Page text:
A, Wild-type MEEI01, B, yrfF-complemented MEEI01, and C, empty vector–containing MEEI01 streaked on brain heart infusion agar containing 5% sucrose and 0.08% Congo red. D, Phagocytosis of each strain by RAW264.7 murine macrophages. Error bars indicate standard error of the mean.
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Van Tyne D, Ciolino JB, Wang J, Durand ML, Gilmore MS. Novel Phagocytosis-Resistant Extended-Spectrum β-Lactamase–Producing Escherichia coli From Keratitis. JAMA Ophthalmol. 2016;134(11):1306–1309. doi:10.1001/jamaophthalmol.2016.3283
Extended-spectrum β-lactamase (ESBL)-producing Escherichia coli are highly antibiotic resistant, and primary ocular infection by ESBL E coli has rarely been reported. A novel mutation conferring phagocytosis resistance would position a strain well to infect the cornea.
A woman with recurrent keratitis presented with a corneal ulcer, which was culture positive for ESBL E coli. Resistant to nearly all other antimicrobials, the infection was treated with amikacin and polymyxin B–trimethoprim, and the ulcer resolved over 3 weeks. Analysis of the E coli genome showed it to belong to multilocus sequence type 131 (ST131). This isolate was found to possess a novel deletion in yrfF, an essential regulator of bacterial capsule synthesis. Disruption of yrfF, which confers mucoidy and increased virulence, has not been previously observed in ESBL E coli from any infection site. This novel variant was experimentally proven to cause the mucoid phenotype, and corresponding resistance to phagocytic killing.
Conclusions and Relevance
Increased resistance to immune clearance in an ESBL E coli lineage already known for its virulence is an unsettling development. This phenotype, which likely positioned it as an unusual cause of corneal ulcer, can be easily recognized in the laboratory, which should help limit its spread.
Bacterial keratitis occurs when the integrity of the corneal epithelium is breached, allowing bacteria access to the stroma and sometimes resulting in sight-threatening ulceration. The most common bacterial agents are Streptococcus, Staphylococcus, Pseudomonas, and other Enterobacteriaceae (Klebsiella, Enterobacter, Serratia, and Proteus) species. Escherichia coli is a rare cause.1
E coli producing an extended-spectrum β-lactamase (ESBL) recently emerged and are usually resistant to most other antibiotics, leaving few therapeutic options. Multilocus sequence type 131 (ST131) ESBL strains are now globally disseminated.2,3 ST131 E coli is now a leading cause of extraintestinal infection, including bacteremia and pneumonia, as well as more common urinary tract, intra-abdominal, and wound infections. Although found in both clinical and community settings, ST131 infection is most common in the elderly and those residing in long-term care facilities.4
Because of its exposure to the environment, host defenses of the ocular surface are robust.5 Regarding ESBL-producing E coli as a cause of eye infection, rare cases have been reported.6 We present a case of keratitis caused by ESBL-producing E coli in a long-term care facility resident and show that the strain possessed a novel mutation that conferred mucoidy and increased virulence. We report the genome sequence, as well as observable phenotypes for this strain to aid in its recognition.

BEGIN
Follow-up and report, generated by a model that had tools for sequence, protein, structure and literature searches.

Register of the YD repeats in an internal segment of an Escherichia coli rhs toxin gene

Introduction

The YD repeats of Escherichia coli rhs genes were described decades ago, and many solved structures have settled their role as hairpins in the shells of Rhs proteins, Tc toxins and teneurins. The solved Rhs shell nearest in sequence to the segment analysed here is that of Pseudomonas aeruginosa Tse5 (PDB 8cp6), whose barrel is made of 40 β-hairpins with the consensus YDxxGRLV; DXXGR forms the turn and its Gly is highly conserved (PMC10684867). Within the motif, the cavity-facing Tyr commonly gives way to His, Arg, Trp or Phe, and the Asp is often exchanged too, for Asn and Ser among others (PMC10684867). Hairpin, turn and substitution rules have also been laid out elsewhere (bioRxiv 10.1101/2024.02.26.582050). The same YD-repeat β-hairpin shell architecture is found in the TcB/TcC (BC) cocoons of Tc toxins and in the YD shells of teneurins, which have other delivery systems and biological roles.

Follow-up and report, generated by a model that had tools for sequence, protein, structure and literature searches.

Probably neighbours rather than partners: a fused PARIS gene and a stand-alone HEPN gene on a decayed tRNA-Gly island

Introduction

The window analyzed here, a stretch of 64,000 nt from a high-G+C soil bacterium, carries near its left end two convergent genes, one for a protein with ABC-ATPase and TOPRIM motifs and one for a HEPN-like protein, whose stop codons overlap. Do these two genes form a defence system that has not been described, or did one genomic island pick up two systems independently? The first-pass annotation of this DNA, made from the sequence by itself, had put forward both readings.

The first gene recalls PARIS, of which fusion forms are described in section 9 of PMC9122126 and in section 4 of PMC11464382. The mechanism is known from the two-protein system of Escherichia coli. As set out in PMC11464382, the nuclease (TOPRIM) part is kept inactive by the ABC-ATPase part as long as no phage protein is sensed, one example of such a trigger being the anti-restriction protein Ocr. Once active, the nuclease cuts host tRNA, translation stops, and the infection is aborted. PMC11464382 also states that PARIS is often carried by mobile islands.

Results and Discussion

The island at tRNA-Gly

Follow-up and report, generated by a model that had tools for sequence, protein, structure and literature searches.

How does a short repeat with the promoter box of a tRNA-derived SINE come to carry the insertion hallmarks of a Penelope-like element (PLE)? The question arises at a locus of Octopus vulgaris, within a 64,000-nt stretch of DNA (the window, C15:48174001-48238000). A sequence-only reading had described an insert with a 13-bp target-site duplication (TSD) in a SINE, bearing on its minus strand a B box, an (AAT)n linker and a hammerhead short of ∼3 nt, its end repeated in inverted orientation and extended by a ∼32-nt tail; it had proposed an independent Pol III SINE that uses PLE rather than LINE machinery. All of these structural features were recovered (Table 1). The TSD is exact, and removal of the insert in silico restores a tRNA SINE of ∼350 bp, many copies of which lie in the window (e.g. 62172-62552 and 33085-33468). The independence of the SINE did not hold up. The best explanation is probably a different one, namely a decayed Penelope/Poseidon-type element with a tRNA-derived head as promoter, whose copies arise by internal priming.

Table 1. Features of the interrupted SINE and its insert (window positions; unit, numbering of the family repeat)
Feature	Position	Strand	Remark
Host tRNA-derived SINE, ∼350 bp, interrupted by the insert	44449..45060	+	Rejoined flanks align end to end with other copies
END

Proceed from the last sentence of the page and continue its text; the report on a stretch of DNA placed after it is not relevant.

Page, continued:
A female nursing home resident in her 60s with a history of glaucoma, blepharitis, and recurrent corneal ulcers in the right eye presented to the Massachusetts Eye and Ear Infirmary (MEEI) with a central corneal ulcer in the same eye. Her previous ulcers were exacerbated by exposure keratopathy and led to perforation, requiring 2 penetrating keratoplasties. Previous culture samples had grown Pseudomonas aeruginosa and Bacteroides fragilis. Because of her history, she had continued to receive treatment with topical prednisolone acetate, 1%, erythromycin ointment, and moxifloxacin hydrochloride. She had been hospitalized elsewhere 2.5 months prior for severe pneumonia. A sputum culture sample grew ESBL-producing E coli, which was not retained.
Hourly administration of fortified vancomycin (25 mg/mL) and tobramycin (14 mg/mL) was initiated following presentation, which was later changed to topical amikacin, 2.5%, and polymyxin B–trimethoprim (polymyxin B sulfate, 10 000 units/mL; trimethoprim, 1 mg/mL) every 3 hours after abundant growth of extensively antibiotic-resistant E coli was reported (Table 1). Subsequent cultures 6 days later had negative results, and the ulcer resolved after 18 days.
Because of its extensive antibiotic resistance profile and unusual occurrence in corneal infection, the ESBL E coli genome was sequenced and analyzed by the MEEI Infectious Disease Institute (eMethods in the Supplement). The genome of the strain, designated MEEI01, showed that it belonged to ST131, a widely disseminated ESBL E coli,7-9 and was replete with antibiotic resistance determinants, including OXA-1 and CTX-M-15 β-lactamases (Table 1). Basic Local Alignment Search Tool (BLAST) comparison of the fimH adhesin showed it to be of the FimH30 sublineage.2 Sequence identification of virulence genes identified 2 closely related copies of iss (which confer complement resistance and contribute to increased serum survival10), autotransporter secreted toxin sat, and adhesin genes iha and nfaE.
To gain insight into its unusual occurrence in a corneal ulcer, we compared MEEI01 to sequenced ST131 E coli, and found that it was very closely related to strain EC95811—so close that no single-nucleotide polymorphisms were detected, implying rapid dissemination. The MEEI01 genome did harbor 7 insertion/deletion variations (indels) that distinguished it from EC958 (Table 2). The sequences surrounding and including each indel were compared to the National Center for Biotechnology Information database by nucleotide BLAST,12 which revealed that 6 of the indels were shared with other ST131 strains, while 1 was unique. The unique indel occurred within yrfF, an essential gene in E coli.13 The 12-nucleotide deletion results in an in-frame variant eliminating 4 amino acids from the most C-terminal membrane-spanning helix domain (655delYLST). Although essential, a recent study found that repeated rounds of selection in vitro for resistance to macrophage phagocytosis and killing selected for yrfF mutations conferring increased capsule production, a mucoid phenotype, and enhanced virulence in a non-ESBL, laboratory strain.14